On this mysterious planet, the human colonists are at war with the Hath. The Hath are one of those ideas which sound really cool on paper, but when you put them onscreen on a TV budget they are comedy fish-people with bongs attached to their faces. Martha is trapped with the Hath, while the Doctor and Donna stay with the humans, and all sides end up following a hidden map to The Source, supposedly the breath of their creator and a potential superweapon. There is running around, the Doctor bonds with his clone daughter Jenny who is perky and does backflips, Donna works out the war has only lasted for seven days and the Doctor saves everything by terraforming the planet. Except Jenny, who gets shot. Except she comes back to life again at the end and flies off into the sunset to save the universe just like her old dad.

The first problem I have with the episode is that it’s so impressed it’s got a proper science fictional idea going on, it doesn’t stop to sit down for a minute and think it all through properly. A war that seems to last forever where the duration is really much shorter and myths propagate faster is a cool idea, but the timescales and logistics don’t quite work for me. What happened to the original colonists? Supposedly the mission commander died and they were plunged into war, but did they all die? Surely one of them must still be alive to put their hand in the magic person-making machine, or does it start running by itself and churning out new soldiers? How many generations and battles and complete annihilations do you need to forget everything about the original mission? Why do they need the Doctor to stick his hand in the machine? Is Time Lord DNA similar enough to human that the machine will work? And for that matter, the Hath and human colonists can’t understand each other, nor do we see any means of translation even at the end where they’re working together, so how did a joint mission work? How can you terraform a whole planet with a fishbowl full of amino acids and gases?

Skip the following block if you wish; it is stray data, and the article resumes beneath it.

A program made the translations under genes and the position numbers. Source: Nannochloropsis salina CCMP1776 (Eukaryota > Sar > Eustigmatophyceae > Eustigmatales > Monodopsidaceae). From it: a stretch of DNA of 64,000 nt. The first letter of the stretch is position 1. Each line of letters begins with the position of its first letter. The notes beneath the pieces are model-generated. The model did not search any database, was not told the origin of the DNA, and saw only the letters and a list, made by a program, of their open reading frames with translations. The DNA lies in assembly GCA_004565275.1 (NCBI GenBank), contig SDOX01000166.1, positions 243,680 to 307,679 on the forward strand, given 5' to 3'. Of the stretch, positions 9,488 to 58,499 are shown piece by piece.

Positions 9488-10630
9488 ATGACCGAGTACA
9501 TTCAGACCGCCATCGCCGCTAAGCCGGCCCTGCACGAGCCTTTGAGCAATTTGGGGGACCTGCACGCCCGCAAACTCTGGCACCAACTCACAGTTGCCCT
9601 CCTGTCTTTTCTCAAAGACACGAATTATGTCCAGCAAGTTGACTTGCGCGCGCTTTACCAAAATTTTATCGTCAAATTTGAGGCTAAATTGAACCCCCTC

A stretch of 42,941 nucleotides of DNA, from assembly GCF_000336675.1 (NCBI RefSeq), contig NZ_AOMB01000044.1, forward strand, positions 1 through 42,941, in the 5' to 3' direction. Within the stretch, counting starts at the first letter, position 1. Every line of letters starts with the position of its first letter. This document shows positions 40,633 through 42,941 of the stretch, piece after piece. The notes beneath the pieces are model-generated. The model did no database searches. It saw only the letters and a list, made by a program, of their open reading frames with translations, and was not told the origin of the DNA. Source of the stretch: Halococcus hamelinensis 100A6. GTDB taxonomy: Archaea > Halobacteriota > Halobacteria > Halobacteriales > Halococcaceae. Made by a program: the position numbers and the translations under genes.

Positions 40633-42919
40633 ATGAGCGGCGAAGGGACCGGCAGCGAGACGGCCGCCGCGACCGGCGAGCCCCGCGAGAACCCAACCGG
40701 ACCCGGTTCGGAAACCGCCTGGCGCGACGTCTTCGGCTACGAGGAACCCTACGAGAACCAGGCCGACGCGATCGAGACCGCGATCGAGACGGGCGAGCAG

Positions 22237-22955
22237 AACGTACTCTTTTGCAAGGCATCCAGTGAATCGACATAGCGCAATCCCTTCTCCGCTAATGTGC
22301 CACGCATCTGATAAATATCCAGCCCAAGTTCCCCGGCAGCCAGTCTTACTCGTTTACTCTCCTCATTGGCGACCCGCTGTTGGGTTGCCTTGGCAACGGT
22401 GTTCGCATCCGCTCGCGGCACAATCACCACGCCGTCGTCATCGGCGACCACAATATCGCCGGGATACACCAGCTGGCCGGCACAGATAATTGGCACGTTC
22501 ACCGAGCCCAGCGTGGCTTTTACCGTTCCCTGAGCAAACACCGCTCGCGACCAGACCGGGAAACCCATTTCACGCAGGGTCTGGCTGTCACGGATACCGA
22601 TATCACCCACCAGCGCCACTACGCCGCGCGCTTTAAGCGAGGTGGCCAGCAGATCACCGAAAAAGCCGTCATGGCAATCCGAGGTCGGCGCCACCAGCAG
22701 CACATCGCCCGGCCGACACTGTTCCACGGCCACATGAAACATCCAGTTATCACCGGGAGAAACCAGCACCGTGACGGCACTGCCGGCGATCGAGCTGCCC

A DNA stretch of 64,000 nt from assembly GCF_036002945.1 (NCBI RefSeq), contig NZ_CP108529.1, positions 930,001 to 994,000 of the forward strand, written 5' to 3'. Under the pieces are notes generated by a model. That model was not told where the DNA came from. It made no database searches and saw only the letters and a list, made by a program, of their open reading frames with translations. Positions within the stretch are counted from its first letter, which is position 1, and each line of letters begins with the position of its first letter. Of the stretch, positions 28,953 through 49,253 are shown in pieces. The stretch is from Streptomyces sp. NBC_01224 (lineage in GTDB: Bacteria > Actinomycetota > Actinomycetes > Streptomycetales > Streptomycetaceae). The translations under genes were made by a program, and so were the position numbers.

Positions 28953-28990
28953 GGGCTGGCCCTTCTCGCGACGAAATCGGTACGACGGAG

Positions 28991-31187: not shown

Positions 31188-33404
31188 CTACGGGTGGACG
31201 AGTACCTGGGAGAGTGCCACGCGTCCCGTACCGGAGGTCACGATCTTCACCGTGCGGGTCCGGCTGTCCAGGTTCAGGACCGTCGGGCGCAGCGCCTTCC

Sometimes, the lack of thought put into the cool idea of the week is not enough of a problem to derail the episode. Setting fire to the atmosphere in The Poison Sky I can live with, but the ridiculous motorway setup in Gridlock , or the crazy DNA-transmitting gamma radiation in Evolution of the Daleks stretch it too far. You can argue that if I want proper SF, I shouldn’t be looking at Doctor Who which has never cared that much about the plausibility of its setup. I might buy that if it were consistently terrible, but it gets it right on so many occasions that I can’t forgive it when they muck it up. I find myself hoping they’re not going to try doing anything too exciting, because I’d rather have them aim for mediocrity and hit it than go for ambition and end up with a mess.